The Economic Consequences of Delay in Radiotherapy: An Example in Early Breast Cancer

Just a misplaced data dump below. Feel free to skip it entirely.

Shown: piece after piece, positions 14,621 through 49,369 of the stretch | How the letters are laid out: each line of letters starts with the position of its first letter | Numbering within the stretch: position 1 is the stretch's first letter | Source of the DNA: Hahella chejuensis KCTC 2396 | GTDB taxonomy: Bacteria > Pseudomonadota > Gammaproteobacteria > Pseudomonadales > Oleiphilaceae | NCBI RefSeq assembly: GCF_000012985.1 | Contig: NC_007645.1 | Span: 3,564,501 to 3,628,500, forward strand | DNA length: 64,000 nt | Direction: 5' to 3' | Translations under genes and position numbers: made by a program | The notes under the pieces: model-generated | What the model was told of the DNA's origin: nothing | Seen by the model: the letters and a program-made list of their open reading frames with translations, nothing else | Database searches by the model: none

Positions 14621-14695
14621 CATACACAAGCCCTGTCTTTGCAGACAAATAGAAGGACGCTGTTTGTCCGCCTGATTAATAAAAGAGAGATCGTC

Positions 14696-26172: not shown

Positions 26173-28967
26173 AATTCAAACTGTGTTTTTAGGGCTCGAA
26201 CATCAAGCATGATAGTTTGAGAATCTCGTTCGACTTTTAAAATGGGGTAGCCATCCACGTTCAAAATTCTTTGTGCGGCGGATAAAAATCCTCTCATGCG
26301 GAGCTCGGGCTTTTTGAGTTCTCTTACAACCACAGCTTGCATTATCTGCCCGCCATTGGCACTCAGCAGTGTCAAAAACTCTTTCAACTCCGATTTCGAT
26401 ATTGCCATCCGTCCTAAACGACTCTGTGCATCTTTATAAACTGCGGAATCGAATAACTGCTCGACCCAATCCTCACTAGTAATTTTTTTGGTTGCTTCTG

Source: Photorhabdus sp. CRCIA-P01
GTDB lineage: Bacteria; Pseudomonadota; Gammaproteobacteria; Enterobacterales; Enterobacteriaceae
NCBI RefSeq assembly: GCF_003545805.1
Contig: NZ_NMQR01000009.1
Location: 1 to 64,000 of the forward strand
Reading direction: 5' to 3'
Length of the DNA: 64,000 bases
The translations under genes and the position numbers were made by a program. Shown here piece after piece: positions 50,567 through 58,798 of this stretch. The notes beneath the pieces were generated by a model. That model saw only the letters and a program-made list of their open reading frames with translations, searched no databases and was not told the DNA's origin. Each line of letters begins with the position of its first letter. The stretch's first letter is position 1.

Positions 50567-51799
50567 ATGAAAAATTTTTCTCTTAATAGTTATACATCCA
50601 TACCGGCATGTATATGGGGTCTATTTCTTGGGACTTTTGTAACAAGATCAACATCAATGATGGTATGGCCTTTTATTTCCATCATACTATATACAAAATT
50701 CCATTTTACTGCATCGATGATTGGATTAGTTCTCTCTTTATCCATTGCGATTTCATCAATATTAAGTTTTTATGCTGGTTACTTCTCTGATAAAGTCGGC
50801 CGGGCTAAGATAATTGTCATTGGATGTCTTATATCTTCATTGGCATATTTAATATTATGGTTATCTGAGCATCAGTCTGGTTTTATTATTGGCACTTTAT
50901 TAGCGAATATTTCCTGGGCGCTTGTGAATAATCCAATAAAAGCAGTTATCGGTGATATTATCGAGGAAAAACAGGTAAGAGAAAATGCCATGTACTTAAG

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Waiting times for cancer radiotherapy have been a concern in Ontario for the past 20 years. A recent review of the clinical trials literature shows that waiting is associated with an increased risk of recurrence. Recurrence and the downstream effects thereof (metastatic disease, death) are expensive to treat. If waiting times can be reduced, the health care system could experience a reduced level of expenditure on recurrence. The magnitude and nature of such reduced expenditures is not known in the scientific literature. This study proposed and described a methodology for estimating the net benefit of reduced waiting for radiotherapy. A cost-benefit analysis was chosen, in which costs were measured as the value of resources required to increase the capacity of a cancer centre, and benefits were measured as the value of averted recurrence, metastatic disease and death due to waiting. The association between increased capacity and reduced waiting was explored in a computer simulation model. Benefits were calculated using a Markov chain model (a mathematical model that simulates patient movement between different health states based on underlying probabilities). Costs and benefits for various lengths of waiting were combined into a summary measure: the Incremental Net Present Value of increasing capacity in a cancer centre. A simplified population of postmenopausal (55 years and older) early breast cancer patients who receive adjuvant radiotherapy after breast-conserving surgery was used to illustrate this methodology. Accordingly, a hypothetical example in which a cancer centre treating these breast cancer patients only was presented to illustrate the methodology developed here. Markov modeling was used to compute averted treatment costs due to a decrease in waiting for this population. The costs of operating a cancer centre were calculated based on actual operations data from the Cancer Centre of Southeastern Ontario. This work provides a useful framework upon which subsequent investigations of this type can be built. Furthermore, this study modernizes the scientific literature regarding the medical care costs of local recurrence. It is our hope that the method proposed herein will be used in subsequent explorations of the issue of the economics of waiting.